Marriage books that emphasise the relationship are a dime a dozen. Some are excellent, like Timothy Keller's The Meaning of Marriage. Others are just so much psychopop.
I found it refreshing to read Married for God, which says that marriage is not, ultimately, about the people in it, about their needs or their love or their relationship.
Marriage is about serving in partnership in God's world.
Adam didn't just need a "companion", a solution to loneliness. He needed a "helper", because the task God gave him was too big to do alone: to rule and fill God's world. So God made Eve to serve beside him in loving companionship.
It's important that married couples have a strong, intimate relationship, but this isn't just for their own sake: it's because their love overflows to others and invites them in.
Marriage doesn't ultimately look inwards. Relationally-obsessed marriages become stunted, introspective and self-destructive. Marriage looks outwards, as together husband and wife work in God's world and make Jesus known.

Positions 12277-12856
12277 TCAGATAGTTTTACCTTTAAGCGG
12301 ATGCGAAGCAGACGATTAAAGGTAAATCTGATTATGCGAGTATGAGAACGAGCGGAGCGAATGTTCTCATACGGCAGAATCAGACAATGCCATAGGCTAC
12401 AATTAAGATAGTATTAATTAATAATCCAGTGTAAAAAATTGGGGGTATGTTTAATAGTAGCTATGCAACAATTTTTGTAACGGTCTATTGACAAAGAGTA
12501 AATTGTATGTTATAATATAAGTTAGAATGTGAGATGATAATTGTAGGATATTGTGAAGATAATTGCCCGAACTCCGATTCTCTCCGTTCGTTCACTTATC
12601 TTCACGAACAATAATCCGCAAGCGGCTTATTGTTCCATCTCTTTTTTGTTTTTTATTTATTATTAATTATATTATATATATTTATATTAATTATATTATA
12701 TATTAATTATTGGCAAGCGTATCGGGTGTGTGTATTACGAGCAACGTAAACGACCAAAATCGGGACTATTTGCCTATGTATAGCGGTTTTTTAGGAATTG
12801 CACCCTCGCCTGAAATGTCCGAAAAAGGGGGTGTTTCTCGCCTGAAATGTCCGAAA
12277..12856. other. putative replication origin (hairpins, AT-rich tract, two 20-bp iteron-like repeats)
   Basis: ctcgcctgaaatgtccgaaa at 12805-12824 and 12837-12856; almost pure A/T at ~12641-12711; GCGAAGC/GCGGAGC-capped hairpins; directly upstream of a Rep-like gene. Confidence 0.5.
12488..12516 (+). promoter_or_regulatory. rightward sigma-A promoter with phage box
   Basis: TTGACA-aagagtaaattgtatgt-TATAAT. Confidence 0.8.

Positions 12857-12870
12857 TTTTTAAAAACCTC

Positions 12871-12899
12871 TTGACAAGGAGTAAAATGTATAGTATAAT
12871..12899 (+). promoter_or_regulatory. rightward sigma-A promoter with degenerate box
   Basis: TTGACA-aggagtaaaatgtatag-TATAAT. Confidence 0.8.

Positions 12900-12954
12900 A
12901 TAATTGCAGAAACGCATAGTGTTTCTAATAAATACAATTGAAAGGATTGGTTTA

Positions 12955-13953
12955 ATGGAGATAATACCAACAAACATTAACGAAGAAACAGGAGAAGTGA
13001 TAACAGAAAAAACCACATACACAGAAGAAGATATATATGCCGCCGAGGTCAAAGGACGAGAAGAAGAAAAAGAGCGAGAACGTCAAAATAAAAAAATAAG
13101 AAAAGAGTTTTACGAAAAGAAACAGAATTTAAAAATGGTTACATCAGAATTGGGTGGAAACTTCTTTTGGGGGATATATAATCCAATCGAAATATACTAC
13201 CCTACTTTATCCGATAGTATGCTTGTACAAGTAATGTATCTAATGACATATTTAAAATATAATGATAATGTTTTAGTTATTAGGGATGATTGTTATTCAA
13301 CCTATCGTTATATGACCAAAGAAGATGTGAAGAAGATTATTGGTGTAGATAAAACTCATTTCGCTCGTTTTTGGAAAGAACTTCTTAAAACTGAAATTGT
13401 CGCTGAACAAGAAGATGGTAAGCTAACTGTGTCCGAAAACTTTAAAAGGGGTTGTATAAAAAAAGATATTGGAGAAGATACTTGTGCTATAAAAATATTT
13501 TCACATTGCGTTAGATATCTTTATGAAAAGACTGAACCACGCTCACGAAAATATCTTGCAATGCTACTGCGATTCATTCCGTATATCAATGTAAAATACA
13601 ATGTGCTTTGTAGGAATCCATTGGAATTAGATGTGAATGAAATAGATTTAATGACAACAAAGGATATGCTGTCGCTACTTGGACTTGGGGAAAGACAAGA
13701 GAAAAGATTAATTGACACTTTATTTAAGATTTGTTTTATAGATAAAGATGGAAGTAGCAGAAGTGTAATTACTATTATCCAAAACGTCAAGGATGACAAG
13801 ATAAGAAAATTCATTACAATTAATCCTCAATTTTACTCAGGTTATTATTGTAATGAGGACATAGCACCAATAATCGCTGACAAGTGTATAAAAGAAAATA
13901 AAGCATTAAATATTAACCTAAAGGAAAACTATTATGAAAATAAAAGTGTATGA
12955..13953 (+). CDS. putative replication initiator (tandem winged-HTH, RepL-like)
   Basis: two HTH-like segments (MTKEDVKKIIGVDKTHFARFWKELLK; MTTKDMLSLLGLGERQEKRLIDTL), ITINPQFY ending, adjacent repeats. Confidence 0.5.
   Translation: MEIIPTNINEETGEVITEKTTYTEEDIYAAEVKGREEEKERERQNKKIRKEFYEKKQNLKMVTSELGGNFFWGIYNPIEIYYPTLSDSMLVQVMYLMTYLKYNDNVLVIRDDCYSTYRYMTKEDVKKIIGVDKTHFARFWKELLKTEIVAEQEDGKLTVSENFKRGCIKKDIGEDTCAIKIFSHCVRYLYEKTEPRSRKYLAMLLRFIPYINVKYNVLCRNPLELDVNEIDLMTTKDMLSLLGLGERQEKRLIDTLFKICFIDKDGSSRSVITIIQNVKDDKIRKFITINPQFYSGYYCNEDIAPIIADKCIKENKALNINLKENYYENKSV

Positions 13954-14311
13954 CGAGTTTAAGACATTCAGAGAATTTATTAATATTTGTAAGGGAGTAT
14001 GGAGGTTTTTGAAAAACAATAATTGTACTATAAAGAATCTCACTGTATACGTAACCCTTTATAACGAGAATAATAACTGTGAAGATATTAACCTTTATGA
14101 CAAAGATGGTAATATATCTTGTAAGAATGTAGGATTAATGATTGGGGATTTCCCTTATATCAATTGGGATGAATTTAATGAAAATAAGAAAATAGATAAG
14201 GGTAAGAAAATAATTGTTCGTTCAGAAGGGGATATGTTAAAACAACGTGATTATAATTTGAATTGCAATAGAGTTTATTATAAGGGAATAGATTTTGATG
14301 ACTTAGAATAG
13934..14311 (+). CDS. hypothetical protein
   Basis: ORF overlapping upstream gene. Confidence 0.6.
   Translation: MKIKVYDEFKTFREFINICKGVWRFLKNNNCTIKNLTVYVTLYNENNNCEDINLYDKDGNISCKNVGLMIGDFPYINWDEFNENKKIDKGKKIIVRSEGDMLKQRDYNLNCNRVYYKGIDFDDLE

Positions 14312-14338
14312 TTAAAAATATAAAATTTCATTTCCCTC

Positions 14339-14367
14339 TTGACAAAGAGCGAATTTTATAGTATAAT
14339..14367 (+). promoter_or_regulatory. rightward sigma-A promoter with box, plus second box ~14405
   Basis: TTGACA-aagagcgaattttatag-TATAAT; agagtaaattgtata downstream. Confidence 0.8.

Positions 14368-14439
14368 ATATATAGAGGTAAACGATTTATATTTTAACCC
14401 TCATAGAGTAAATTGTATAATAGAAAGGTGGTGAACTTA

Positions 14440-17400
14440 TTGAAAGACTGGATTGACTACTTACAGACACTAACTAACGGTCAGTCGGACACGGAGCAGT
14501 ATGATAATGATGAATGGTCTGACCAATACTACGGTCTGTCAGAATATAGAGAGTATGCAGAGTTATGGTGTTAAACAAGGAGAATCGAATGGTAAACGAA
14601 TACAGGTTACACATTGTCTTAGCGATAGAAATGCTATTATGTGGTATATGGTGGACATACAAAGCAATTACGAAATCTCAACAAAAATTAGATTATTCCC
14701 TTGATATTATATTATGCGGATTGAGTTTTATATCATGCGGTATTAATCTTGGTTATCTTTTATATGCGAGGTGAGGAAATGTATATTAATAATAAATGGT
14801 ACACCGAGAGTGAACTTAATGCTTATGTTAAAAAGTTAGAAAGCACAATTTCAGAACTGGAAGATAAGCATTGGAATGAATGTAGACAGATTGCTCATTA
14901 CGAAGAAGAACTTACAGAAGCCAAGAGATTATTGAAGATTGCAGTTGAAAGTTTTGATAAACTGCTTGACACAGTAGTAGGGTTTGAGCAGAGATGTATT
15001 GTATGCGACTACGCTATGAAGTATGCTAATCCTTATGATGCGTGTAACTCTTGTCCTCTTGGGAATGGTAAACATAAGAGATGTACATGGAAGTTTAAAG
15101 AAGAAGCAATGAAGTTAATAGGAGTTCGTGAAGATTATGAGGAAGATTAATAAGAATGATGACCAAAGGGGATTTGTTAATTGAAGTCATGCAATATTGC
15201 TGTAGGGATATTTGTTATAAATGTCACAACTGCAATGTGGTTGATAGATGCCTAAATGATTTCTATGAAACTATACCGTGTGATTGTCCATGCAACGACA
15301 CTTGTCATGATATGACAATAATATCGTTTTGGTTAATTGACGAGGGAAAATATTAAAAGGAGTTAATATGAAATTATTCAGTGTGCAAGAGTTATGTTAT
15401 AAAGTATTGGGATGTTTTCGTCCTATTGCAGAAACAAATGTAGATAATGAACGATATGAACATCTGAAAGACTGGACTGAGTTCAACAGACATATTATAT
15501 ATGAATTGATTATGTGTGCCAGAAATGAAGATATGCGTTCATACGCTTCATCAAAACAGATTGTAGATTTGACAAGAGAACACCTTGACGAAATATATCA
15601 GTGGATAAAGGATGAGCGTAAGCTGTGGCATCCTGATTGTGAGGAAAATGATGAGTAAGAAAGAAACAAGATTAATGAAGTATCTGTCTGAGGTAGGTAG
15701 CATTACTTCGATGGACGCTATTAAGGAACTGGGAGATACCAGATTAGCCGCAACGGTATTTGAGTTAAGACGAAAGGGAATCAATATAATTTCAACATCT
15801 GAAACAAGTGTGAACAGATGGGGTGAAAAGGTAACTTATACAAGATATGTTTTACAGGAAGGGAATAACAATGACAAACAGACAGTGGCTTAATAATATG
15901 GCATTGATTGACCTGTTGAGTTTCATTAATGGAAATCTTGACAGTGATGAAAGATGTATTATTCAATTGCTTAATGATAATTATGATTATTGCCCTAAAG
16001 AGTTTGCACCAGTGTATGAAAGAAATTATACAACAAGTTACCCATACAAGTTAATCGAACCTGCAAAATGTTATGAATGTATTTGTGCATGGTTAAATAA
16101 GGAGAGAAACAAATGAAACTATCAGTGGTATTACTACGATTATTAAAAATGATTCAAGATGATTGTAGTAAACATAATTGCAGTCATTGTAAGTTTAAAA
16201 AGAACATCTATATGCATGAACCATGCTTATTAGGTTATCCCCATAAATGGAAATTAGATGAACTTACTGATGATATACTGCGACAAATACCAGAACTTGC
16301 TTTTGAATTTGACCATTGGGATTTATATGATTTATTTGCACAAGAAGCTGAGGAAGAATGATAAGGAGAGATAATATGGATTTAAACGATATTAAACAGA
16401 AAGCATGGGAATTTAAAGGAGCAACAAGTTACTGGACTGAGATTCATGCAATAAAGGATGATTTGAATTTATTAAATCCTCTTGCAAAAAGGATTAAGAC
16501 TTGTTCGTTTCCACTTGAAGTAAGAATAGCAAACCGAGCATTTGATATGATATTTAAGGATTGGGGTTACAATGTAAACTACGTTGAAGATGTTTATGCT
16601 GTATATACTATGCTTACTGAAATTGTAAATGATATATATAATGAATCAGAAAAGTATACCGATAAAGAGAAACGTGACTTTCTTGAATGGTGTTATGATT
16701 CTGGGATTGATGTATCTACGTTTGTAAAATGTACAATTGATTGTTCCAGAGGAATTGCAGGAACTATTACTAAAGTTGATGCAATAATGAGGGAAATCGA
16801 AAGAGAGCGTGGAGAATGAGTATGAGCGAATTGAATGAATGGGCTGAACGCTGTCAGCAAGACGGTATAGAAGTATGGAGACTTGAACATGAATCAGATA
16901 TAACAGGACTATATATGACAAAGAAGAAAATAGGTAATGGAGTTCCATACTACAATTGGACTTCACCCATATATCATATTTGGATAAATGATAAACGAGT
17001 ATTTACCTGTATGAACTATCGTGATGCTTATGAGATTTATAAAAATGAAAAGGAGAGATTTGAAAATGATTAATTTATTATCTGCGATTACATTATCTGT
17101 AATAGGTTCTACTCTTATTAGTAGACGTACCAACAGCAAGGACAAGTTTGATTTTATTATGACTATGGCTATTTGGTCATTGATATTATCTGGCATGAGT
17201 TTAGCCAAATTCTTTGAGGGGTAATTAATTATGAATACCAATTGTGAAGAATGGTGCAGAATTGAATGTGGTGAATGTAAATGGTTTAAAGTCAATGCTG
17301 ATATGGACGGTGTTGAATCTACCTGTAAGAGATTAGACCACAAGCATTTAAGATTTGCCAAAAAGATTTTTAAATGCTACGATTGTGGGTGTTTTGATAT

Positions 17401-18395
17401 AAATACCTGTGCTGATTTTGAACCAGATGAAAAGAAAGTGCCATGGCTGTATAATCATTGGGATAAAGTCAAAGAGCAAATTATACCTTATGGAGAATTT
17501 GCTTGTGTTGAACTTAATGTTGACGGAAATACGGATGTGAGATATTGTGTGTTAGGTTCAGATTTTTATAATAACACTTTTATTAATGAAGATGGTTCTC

Married for God is written with a scholar's clarity and a writer's grace. The main point is occasionally overstated, yet it transformed my perspective on marriage in all kinds of helpful ways.
So if you haven't read Married for God, it's time to pick up this little book. It might just change the way you think about marriage.
Here's a little taste:
Our marriage need a passionate heart of intimacy that overflows in blessings to others…As a couple delighting in one another you can forge a new social unit whose heart is faithful love; and then out of that heart of faithful love can overflow generous love to others…Think about how, in partnership with one another, helping one another, your love can provide a centre of stable security; so that this safe home will become a refuge into which others can be welcomed. Think…how…your private intimacy can be at the heart of a relationship which overflows in love to others. (73-76)